If Making Contact is the most Spielberg movie that Spielberg never made, then Lady in White is easily a close second. It, too, features many allusions to Close Encounters, Poltergeist, and E.T. – including a scene where a kid on a bike seems to defy gravity and “fly” over a ravine. And yes, it even features an other-worldly closet, this time in a school, in which our young lead Frankie (Lukas Haas) finds himself locked after hours. It is here that he has ghostly visions of a girl being murdered by a strange man in the very same closet he’s trapped. Frankie spends the rest of the film trying to solve the crime, and revisiting the creepy closet for clues.

And finally we have Cameron’s Closet, a movie in the same vein as Making Contact and Lady in White, albeit it a tad more violent (and a lot racier). Unbeknownst to our telepathic protagonist Cameron, his favorite toy is actually a possessed Mayan doll – one that comes to life (due to Cameron’s active imagination) and begins residing in his closet. And wouldn’t you know it? The doll begins killing people who come near the closet, turning them into demon zombies. Typical. As I said, this is a bit more brutal than your average closetsploitation fare, but the Spielbergian hallmarks – telekinetic kid, toys springing to life, flashing lights – are all there. Oh, and Oscar-winning special effects maestro Carlo Rambaldi – who worked on both Close Encounters and E.T. – did the special effects for Cameron’s Closet. There’s no denying the intentions of the filmmakers.

The decade saw many other inclusions of closetsploitation – some of it brief, some of it not even in the film but merely used in the marketing. Even television shows got in on the excitement. And while there have been nods at closet horror in the decades since, nothing compares to the boom of the ’80s.

This is only a brief rundown of some of the films from that era that made our closets terrifying. Which ones am I missing?

THE MISSING “CREEPSHOW” MUSIC CUES!

Based on sheer unanimous appreciation alone, Creepshow may be one of the greatest horror films ever made. Truly: I’ve never heard one disparaging comment made about it. Inquire, and those who’ve seen it will excitedly describe their favorite segment, their eyes alight and hands animated. For those raised on it, it’s like a plateful of comfort food. And, due to its fall-tinged intro, it has become a Halloween staple. Needless to say, it’s a horror classic.

One of the things that helped cement Creepshow among horror royalty is its incredible score. Composed by frequent Romero collaborator John Harrison (using only a Prophet V synthesizer), the score successfully manages to craft a hauntingly Gothic aura punctuated by goofy camp – no easy task, but one that compliments the vibe of the comic book-inspired film perfectly. Romero himself has said that Harrison’s score delivers on the promise the tagline of the film avows: “the most fun you’ll have being scared”.

Not long ago I discovered Harrison wasn’t solely responsible for creating the amazingly spot-on EC comics-era sensation the score elicited. Many of the recognizable cues, it turned out, were from Capitol Records’ stock catalog. It was a trick Romero had used since the beginning of his career: pacing and editing his films using old stock music, which he often left in once the film was finished. (Just look at Night of the Living Dead‘s score – all stock music, some of which would later find its way into Romero’s Tales from the Darkside television show, as well as, you guessed it, Creepshow.)

Most recently, Waxwork Records released the original Creepshow soundtrack, but it was missing all of those additional stock music cues. In 2014, La-La Records released an “expanded” version of the soundtrack, which included a few of the music pieces, though not many – 14 in all, including only one from “Father’s Day”.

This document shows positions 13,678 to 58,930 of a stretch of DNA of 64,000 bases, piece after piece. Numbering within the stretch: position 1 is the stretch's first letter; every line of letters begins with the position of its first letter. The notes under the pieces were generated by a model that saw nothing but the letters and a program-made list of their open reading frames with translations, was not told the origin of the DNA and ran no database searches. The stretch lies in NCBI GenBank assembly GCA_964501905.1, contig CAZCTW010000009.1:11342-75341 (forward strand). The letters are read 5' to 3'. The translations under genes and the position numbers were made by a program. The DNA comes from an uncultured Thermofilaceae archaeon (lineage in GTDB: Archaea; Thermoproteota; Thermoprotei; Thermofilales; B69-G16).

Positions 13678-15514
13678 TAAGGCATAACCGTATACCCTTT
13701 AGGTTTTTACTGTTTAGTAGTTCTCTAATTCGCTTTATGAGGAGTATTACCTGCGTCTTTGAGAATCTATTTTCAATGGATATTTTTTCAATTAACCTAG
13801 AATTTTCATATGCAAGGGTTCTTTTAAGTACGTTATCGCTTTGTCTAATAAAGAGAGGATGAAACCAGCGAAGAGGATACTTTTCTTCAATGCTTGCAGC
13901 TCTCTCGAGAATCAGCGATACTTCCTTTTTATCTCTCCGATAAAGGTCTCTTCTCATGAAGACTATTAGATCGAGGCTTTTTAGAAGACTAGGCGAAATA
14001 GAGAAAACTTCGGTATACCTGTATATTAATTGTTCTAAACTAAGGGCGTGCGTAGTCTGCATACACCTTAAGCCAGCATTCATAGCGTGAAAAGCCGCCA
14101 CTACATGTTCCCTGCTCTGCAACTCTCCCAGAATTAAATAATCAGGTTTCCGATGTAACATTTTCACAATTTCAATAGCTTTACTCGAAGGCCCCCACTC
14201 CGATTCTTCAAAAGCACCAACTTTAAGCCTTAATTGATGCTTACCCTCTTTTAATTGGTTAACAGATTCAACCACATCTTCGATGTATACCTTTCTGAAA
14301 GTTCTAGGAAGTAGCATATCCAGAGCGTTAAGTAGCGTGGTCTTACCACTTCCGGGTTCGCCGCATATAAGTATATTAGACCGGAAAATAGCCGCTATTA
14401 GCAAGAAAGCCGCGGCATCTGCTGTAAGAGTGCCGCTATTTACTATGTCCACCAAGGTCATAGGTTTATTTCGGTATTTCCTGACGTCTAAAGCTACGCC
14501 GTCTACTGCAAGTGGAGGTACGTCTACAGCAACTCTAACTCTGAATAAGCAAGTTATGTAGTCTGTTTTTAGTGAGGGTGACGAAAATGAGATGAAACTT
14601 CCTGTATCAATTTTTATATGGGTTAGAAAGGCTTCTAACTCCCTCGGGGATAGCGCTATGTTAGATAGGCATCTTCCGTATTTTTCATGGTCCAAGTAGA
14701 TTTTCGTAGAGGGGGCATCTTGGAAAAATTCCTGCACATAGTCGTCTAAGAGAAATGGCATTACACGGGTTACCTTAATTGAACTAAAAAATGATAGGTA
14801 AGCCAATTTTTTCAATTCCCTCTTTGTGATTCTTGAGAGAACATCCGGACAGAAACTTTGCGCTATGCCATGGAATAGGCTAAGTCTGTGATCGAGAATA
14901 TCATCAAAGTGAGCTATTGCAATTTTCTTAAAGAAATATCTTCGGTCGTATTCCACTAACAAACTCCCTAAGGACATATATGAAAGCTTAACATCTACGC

But, thanks to the help of the Internet (and my own dogged searching), I’ve collected almost 30 pieces of missing music cues, including 6 from “Father’s Day”. These pieces were incredibly difficult to track down. There are a few message boards which (thankfully, gratefully) have the music cues listed by name (and Creepshow‘s IMDB page is a wealth of info), but locating the actual audio files proved to be almost impossible. Even though some of these tracks were released on the Creepshow Expanded OST, they don’t even exist on Youtube.

(Complicating the search was the fact that a.) several of the songs have near identical names, and b.) many of the composers worked under different aliases. Whew, exhausting.)

It’s important to hear these cues in full because they’re just incredible. Bill Loose’s work, especially, which is all at once gorgeous, lush, and dramatic. It’s amazing these composers created these beautiful pieces with the knowledge they were to be cataloged anonymously along with hundreds of other pieces for the sole purpose of filling out a record company’s stock music library. It seems almost unjust, in a way – relegating these tunes to a lifetime of obscurity, only to be showcased for literal seconds at a time in the background of some nondescript cartoon or low-budget film.

(And check out Loose’s “Sonar Waves”, specifically about 45 seconds in – any horror fan worth their salt ought to recognize those notes instantly.)

As far as I know, this page is the only place online you can listen to the (almost) entire collection of missing cues from Creepshow in one spot. Unfortunately, it is not complete. I am still missing about 20 tracks, which is mind-boggling. Like I said, these have been hard hard hard to find. But I will continue to update this page as I discover the final, missing cues. Below, the tracks are listed in the order that they appear in the film.

None of this would be possible if it weren’t for the fine, informative folks at YowpYowp and Film Score Monthly (specifically, a member named PrimeEvil whose own keyboard handiwork I’ve included below).

I won’t bore you with my blathering any longer. If you’ve read this far, you deserve to be rewarded with the music. Enjoy, and if you happen to have a hot tip on any of the missing tracks, please email me!